One protester, former Duke professor Ned Kennington, describes the institution as “populated by a faculty that is very socially conscious”; he notes that Nifong’s assertions “fit into our preconceptions.”
Those preconceptions, as we’ve seen, have proven disastrously wrong in this instance. Yet beyond the isolated voices of Jim Coleman, Steve Baldwin, and Michael Gustafson, there’s no indication that anyone from Duke is aware of this problem. The Campus Culture Initiative moves full-speed ahead, dominated by those on the faculty most guilty of a rush to judgment. The African-American Studies program—with the highest percentage of faculty who signed the Group of 88’s statement—was not rebuked but rewarded, with a promise of new lines seemingly undeserved given its small number of majors.
The recent remarks of some Group of 88 members do not give any indication of a willingness to engage in critical self-reflection. Houston Baker, upon being asked to speak out against Nifong’s misconduct, replied: “LIES!” He would do nothing to defend the rights of what he termed “a scummy bunch of white males . . . who beat up a gay man [sic] in Georgetown, get drunk in Durham, and lived like 'a bunch of farm animals’ near campus.”
Nor was Alex Rosenberg (last heard from celebrating how the lacrosse players “could get as much hookup as they wanted from rich and attractive Duke coeds”) in a forgiving mood. In a statement that he sent to Friends of Duke, he suggested that those who had criticized his actions—motivated by a “self promoting ($) McCarthyite brush”—had “(willfully mis-)read” the Group of 88 statement. Indeed, those who have criticized the statement, sneered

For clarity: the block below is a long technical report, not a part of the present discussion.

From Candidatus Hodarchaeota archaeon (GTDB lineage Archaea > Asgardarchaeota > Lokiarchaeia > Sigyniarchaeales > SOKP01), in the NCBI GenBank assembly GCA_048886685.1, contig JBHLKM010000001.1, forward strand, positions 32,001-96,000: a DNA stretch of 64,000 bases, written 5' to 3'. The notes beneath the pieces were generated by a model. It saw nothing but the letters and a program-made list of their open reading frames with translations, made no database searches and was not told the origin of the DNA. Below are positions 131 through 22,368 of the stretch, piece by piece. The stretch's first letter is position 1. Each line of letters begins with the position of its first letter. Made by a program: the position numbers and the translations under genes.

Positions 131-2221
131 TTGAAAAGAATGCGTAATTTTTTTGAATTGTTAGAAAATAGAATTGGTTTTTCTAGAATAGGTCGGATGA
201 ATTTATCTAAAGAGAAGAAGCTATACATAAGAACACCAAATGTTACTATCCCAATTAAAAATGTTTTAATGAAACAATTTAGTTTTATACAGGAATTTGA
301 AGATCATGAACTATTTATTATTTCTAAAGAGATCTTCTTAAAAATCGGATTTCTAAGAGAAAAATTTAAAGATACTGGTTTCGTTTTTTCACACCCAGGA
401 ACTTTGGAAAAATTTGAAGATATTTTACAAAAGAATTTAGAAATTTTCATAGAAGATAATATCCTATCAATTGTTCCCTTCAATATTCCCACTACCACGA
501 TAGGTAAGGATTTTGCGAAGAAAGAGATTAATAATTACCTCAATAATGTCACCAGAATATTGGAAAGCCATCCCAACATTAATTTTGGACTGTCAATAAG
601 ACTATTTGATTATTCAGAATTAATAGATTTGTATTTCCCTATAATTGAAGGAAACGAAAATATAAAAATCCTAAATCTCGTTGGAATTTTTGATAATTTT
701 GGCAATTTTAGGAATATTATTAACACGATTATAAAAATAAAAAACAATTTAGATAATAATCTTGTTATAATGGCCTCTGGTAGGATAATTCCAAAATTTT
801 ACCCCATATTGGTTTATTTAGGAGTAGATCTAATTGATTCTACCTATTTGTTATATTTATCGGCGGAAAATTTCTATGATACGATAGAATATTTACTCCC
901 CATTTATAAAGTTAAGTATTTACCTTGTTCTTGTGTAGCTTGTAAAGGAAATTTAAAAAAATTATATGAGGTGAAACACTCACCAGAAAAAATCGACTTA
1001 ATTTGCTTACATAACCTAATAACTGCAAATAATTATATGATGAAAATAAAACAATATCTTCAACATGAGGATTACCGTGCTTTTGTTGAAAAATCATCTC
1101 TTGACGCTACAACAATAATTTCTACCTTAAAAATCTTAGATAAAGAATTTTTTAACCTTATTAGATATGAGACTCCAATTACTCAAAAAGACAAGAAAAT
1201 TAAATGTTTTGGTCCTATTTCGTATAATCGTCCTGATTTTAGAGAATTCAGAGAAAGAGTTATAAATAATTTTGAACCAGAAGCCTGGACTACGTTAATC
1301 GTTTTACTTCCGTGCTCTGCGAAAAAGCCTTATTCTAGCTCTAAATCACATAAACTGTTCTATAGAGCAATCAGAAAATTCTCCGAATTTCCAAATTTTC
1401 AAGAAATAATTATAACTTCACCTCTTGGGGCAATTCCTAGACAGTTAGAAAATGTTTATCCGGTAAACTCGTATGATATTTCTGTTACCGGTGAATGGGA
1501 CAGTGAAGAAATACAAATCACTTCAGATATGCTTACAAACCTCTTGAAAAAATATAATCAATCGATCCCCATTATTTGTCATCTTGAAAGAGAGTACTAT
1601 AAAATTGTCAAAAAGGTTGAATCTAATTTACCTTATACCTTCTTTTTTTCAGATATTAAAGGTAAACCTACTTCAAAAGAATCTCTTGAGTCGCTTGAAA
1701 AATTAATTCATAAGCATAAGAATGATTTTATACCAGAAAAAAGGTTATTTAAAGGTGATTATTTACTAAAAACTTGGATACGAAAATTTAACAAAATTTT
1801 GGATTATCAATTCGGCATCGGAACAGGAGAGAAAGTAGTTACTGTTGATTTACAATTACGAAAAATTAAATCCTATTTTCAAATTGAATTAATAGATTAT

I signed the statement in large measure to express my astonishment and anger that these wealthy, white, well educated future investment bankers (some of whom were my students) engaged in behavior contributing to a climate of loutishness, racism, and a general entitlement to flout the law, that they felt the need to purchase sexual titillation to go along with under-age illegal alcoholic consumption, and to emit racist abuse to express their disappointment in the performances for which they did not get their money’s worth.
It’s remarkable, moreover, that Rosenberg feels more motivated to speak out publicly about the behavior of his students—and speak out, as he did on April 6, based on wildly incomplete information—than to publicly comment on a district attorney who has abandoned all ethics in going after students at his own school.
But, of course, Professor Rosenberg’s critics “just don’t get it.”
Place yourself in the position of a prospective Duke parent—or, better yet, a prospective Duke student-athlete. Based on what we’ve seen over the past nine months, and based on what we continue to see from professors like Rosenberg, how confident would you be that Duke professors treat all students—regardless of race, class, gender, or athletic status—in the same way? And how confident would you be in the quality of instruction provided by these professors, who have proven wholly unwilling to critically examine their own actions?
In different ways, Martinez, Butler, and Skube all ask Duke’s faculty and administration to undertake a little of the critical self-reflection that people in the academy so often demand of others. It would be nice to see some signs—even one sign—that members of the arts and sciences faculty at Duke are listening.